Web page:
Only Bob Dylan and Guy Clark surpass Prine in my pantheon of singer-songwriters. And his death came in the midst of a career revival. In 2018, at age 72, Prine released the most commercially successful album of his nearly 50-year recording career, The Tree of Forgiveness. It was also his most critically acclaimed record since the 1971 eponymous first album, one of the greatest debuts in the history of American popular music.
Prine’s career began in the late 1960s, singing his own songs at open-mic nights in Chicago folk clubs, after completing his rounds as a mail carrier for the United States Postal Service.
Discovered at about the same time by musicians Steve Goodman and Kris Kristofferson and the film critic Roger Ebert, Prine’s local popularity accelerated after Ebert wrote a glowing 1970 Chicago Sun-Times review of one such performance. Ebert compared Prine to Dylan and Hank Williams, calling him “an extraordinary new composer and performer.”
Prine said that he often composed his early songs in his head while carrying the mail, and his experience as a postman resulted in one of his most famous songs, “Your Flag Decal Won’t Get You Into Heaven Anymore.” Inspired by a Readers Digest distribution of flag decals in one of its issues, the song is perhaps the best example of Prine’s ability to write scorching, mordant political commentary. The narrator of the song, in a fit of patriotic fervor, put the decals all over his car windshield. Meeting his expected fate, he complained:
I’ll never understand why the man standing in the Pearly Gates said
“Your flag decal won’t get you into heaven anymore
We’re already overcrowded from your dirty little war
Jesus don’t like killing no matter what the reasons for”
Sometimes Prine’s social observations were somber, sober, and devastating. In “Sam Stone,” he wrote about a returning Vietnam war veteran who could never overcome his injuries both visible and invisible. The drugs he took to kill his demons killed him instead. Framed by the chilling chorus, “There’s a hole in daddy’s arm where all the money goes,” Prine wrote:
Sam Stone was alone
When he popped his last balloon
Climbing walls while sitting in a chair
Well, he played his last request
While the room smelled just like death
With an overdose hovering in the air
Prine could not be characterized solely by these and other politically motivated songs, however. For example, he wrote movingly about the inner thoughts of a lonely housewife in “Angel From Montgomery” (covered by the great Bonnie Raitt) that begins:
I am an old woman
Named after my mother
My old man is another
Child who’s grown old,
And after rehearsing the steady sad decline of her marriage, the narrator ends:
To believe in this livin’
Is just a hard way to go.
But Prine was just as capable of writing songs that were downright funny. Recorded as a duet with Iris Dement, “In Spite of Ourselves” is the first-person account of a raucous but affectionate relationship of two lovers. “He ain’t too sharp, but he gets things done,” she says. “She likes ketchup on her scrambled eggs,” he retorts, “Swears like a sailor when she shaves her legs.” But, “In spite of ourselves,” they sing together:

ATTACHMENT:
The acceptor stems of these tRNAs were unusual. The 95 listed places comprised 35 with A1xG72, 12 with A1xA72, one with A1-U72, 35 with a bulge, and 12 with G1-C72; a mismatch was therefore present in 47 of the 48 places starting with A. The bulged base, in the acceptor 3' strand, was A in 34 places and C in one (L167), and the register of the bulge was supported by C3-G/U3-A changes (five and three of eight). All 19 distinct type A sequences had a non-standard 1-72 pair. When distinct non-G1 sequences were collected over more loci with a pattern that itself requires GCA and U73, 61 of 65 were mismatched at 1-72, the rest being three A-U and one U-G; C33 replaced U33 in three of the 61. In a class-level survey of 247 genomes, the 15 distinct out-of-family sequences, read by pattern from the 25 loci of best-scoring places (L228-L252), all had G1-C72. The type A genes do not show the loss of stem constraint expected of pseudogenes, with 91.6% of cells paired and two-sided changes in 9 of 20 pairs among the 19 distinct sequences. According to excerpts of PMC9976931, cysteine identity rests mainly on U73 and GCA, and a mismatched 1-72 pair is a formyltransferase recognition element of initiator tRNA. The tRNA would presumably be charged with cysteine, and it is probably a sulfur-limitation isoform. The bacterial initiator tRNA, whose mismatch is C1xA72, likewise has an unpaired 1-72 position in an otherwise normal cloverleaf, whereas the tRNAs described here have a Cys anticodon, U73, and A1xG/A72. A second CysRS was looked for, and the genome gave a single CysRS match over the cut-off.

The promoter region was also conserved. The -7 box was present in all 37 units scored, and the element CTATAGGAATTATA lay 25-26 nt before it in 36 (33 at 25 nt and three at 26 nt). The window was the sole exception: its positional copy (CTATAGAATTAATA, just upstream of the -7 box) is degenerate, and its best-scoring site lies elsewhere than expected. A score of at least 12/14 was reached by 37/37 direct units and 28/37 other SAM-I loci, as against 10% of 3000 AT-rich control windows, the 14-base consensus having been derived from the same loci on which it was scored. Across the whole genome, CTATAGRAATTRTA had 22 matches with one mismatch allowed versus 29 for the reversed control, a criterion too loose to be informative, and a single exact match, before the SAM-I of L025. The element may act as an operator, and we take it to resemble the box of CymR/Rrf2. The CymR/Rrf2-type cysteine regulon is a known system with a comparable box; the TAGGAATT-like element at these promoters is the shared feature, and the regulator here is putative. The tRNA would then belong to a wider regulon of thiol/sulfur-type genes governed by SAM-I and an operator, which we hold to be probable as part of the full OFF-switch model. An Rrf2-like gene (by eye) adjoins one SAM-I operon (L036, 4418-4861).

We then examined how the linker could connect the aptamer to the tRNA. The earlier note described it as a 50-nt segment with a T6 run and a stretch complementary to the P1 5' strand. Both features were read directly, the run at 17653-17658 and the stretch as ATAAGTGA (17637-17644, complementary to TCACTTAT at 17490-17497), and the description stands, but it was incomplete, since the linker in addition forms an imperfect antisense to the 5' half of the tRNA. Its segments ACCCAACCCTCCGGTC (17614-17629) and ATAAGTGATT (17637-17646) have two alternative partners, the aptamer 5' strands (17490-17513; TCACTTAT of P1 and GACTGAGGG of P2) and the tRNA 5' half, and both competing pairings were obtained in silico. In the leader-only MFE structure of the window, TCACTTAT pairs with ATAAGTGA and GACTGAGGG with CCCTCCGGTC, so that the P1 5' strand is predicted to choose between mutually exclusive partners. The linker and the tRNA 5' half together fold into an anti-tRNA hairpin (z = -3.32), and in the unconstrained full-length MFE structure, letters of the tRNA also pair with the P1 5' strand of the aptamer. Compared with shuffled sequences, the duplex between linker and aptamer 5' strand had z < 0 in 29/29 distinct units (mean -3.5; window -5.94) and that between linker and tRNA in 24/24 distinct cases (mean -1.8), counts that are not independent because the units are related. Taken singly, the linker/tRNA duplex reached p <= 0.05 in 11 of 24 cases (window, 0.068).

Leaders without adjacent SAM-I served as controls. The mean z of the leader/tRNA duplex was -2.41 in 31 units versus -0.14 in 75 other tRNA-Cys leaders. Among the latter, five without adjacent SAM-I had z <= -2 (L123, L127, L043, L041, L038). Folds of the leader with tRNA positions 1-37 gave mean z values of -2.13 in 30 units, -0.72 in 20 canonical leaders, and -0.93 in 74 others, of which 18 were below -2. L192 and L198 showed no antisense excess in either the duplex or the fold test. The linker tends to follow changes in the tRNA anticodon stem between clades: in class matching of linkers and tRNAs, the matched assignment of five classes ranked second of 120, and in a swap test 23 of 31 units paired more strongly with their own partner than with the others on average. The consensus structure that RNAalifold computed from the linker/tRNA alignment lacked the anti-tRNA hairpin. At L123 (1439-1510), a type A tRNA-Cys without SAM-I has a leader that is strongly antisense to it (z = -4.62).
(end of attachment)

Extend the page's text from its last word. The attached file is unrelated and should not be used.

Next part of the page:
Against all odds
Honey, we’re the big door prize
There won’t be nothin’
But big old hearts dancin’ in our eyes.
Prine’s last known recorded song, “I Remember Everything” (for which he won the posthumous Grammy) is a cruelly ironic meditation on memory, longing, happiness, and regret. Reflecting on “every hotel room,” “swimming pools of butterflies,” “your ocean eyes of blue,” and “the way you turned and smiled on me/On the night that we first met,” Prine’s last words summarize what many of his fans feel:
How I miss you in the morning light
Like roses miss the dew.
As he entered the last years of his life, Prine contemplated what had gone before and what was yet to come. I know he wrote lovely, sad, funny, sardonic songs, but I cannot know what else he did to prepare for the death he could not have known was coming so soon.
I do know that John Prine’s songs say true things about life, love, and death. And, thus, they have made me a better person than I would have been without him.
In a boisterous song from the last album, Prine sang, “When I get to Heaven/I’m gonna get a cocktail/Vodka and ginger ale/I’m gonna smoke a cigarette that’s nine miles long/I’m gonna kiss that pretty girl on the tilt-a-whirl/Yeah this old man is goin’ to town.”
John Prine was born on 10 October 1946. He died too soon on 7 April 2020. If Heaven is a cocktail of vodka and ginger ale, I pray that his is stiff and cold.
Kenneth Craycraft is an attorney and the James J. Gardner Family Chair of Moral Theology at Mount St. Mary’s Seminary and School of Theology, in Cincinnati.
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